The Politics of Opinion Polls: Can We Rely on Indian Opinion Polls?

The mammoth Indian general election, unfolding across multiple phases starting on April 19th. anticipates the participation of over 96 million voters throughout its seven phases spanning two months. Results are slated for release on June 4th, marking nearly 50 days since the inauguration of the first polling phase. As India asserts itself as a global force in both economic and political spheres, the Indian election gains paramount importance internationally. Supporters of democracy closely scrutinize the intricate electoral processes, applauding Indian authorities for effectively engaging such a vast electorate. Nevertheless, numerous analysts voice concerns over potential flaws in the democratic system. The prevalence of smartphones among the populace, often outweighing educational resources, exacerbates susceptibility to misinformation and paid propaganda. From television to cinema, there is a considerable propaganda drive aimed at shaping the mood of the nation, often overshadowing real issues. Opinion polls are one of the tools used in Indian elections, often tailored to specific interests and potentially influencing the collective mood of the nation. In a country like India, celebrated for its mob mentality, opinion polls are considered to have a significant impact.

Opinion polls have been a fixture in elections worldwide for many years, utilized by political parties and the press in various democracies such as France and the United States for centuries. Over time, they have developed foolproof sampling, leveraging technology to minimize inaccuracies. Nonetheless, from the outset, many have raised objections to opinion polls, questioning their reliability and their influence on voters and politicians. Several countries have implemented regulations governing opinion polls, and allegations of biased funding against certain well-known polling agencies have undermined their credibility, leading to doubts about their impartiality. As opinion polls stir considerable tumult in the Western world, India, the largest democracy, has only recently adopted this trend in the 21st century. While some press and agencies had conducted opinion polls previously, they did not gain much popularity. However, the proliferation of television and rivalry between television channels propelled opinion polls into prominence in India. Initially confined to major cities, India’s opinion polls expanded through technological advancements and substantial funding. Indeed, opinion polling has burgeoned into one of the most lucrative industries in India, with television channels, the press, and YouTube channels vying for the services of surveying agencies or establishing their own survey teams.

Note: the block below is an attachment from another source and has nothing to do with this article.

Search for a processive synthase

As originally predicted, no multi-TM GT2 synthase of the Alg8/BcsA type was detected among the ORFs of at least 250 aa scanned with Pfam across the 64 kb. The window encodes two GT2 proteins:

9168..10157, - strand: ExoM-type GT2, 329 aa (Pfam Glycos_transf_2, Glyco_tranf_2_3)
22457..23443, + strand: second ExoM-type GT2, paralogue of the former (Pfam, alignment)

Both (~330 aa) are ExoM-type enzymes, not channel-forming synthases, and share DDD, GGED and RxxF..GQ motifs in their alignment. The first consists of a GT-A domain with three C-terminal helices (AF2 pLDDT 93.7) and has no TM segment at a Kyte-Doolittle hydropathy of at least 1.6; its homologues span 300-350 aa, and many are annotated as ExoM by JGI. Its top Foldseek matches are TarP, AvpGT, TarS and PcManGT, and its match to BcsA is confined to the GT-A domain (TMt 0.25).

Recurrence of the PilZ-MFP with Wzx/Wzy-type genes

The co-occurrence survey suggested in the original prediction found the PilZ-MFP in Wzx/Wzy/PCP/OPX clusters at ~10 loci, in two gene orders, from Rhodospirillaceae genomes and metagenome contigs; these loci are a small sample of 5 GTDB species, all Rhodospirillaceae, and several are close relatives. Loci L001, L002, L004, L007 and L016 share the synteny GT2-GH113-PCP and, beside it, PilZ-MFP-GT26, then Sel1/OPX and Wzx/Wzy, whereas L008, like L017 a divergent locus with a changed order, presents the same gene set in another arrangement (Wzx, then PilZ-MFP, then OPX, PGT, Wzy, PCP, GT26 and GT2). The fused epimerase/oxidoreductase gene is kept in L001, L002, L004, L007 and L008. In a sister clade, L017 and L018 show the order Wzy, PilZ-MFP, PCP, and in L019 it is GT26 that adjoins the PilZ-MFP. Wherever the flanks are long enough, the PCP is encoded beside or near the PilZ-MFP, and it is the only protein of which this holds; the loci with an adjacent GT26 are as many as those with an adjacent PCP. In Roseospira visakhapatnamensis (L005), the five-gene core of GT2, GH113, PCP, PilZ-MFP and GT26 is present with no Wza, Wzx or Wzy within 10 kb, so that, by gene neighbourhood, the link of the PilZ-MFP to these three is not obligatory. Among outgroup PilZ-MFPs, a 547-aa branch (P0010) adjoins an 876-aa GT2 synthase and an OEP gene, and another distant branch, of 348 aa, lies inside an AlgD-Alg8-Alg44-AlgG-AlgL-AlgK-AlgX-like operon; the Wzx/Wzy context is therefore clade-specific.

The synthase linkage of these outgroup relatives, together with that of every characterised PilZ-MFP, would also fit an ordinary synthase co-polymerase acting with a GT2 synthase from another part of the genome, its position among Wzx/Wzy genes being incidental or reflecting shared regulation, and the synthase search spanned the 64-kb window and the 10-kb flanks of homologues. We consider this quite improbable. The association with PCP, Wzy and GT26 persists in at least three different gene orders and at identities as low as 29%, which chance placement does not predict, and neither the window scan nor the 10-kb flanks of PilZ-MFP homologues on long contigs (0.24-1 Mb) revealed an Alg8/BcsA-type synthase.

Opinion polls in India have peaked in the last 10 years, with many inaccuracies regarding the winners of constituencies and completely wrong predictions at the state level, although at the national level, most opinion polls predicted the general mood. However, questions persist about the sampling methods and the impact of opinion polls on Indian people. The population is highly diverse, encompassing various ethnicities, religions, views, and languages, and individuals often feel ashamed, fearful, or dishonest about revealing their voting preferences. Despite education levels, factors such as family influence, caste dynamics, mob mentality, and celebrity endorsements heavily shape voter mentality. Additionally, millions of people may never encounter any opinion poll.

Though The result of opinion polls have become celebrated in the television and social media. In this context, Indian opposition parties accuse Indian opinion polls of being highly corrupted and influenced by the Bharatiya Janata Party (BJP) and business interests. They claim that television channels and major agencies, currently funded by BJP-linked business entities, propagate the notion that the opposition is weak and that Modi will secure most seats. This creates a “Bandwagon Effect”, prompting voters to support the candidate perceived to be winning in the polls. Those familiar with the parliamentary system tend to favor the party projected to win, making it a potent election strategy. The river of Opinion polls  from the past year predicting Modi’s third term and the humiliation of the opposition are likely to influence public opinion.

According to the findings of numerous television, print, and YouTube channels engaged in conducting surveys, many of which boast considerable sample sizes of up to 200,000, all indicate that the BJP is likely to emerge victorious. Despite the Election Commission’s mandate prohibiting opinion polls within 48 hours before polling commences, the released results have already shaped a favorable narrative for the BJP. Voters are primarily interested in electing members from the party projected to govern the state, or they prefer candidates aligned with the ruling party over those going to sit in the opposition bloc. Thus, opinion polls are poised to have a significant impact on the outcome of the Indian general election.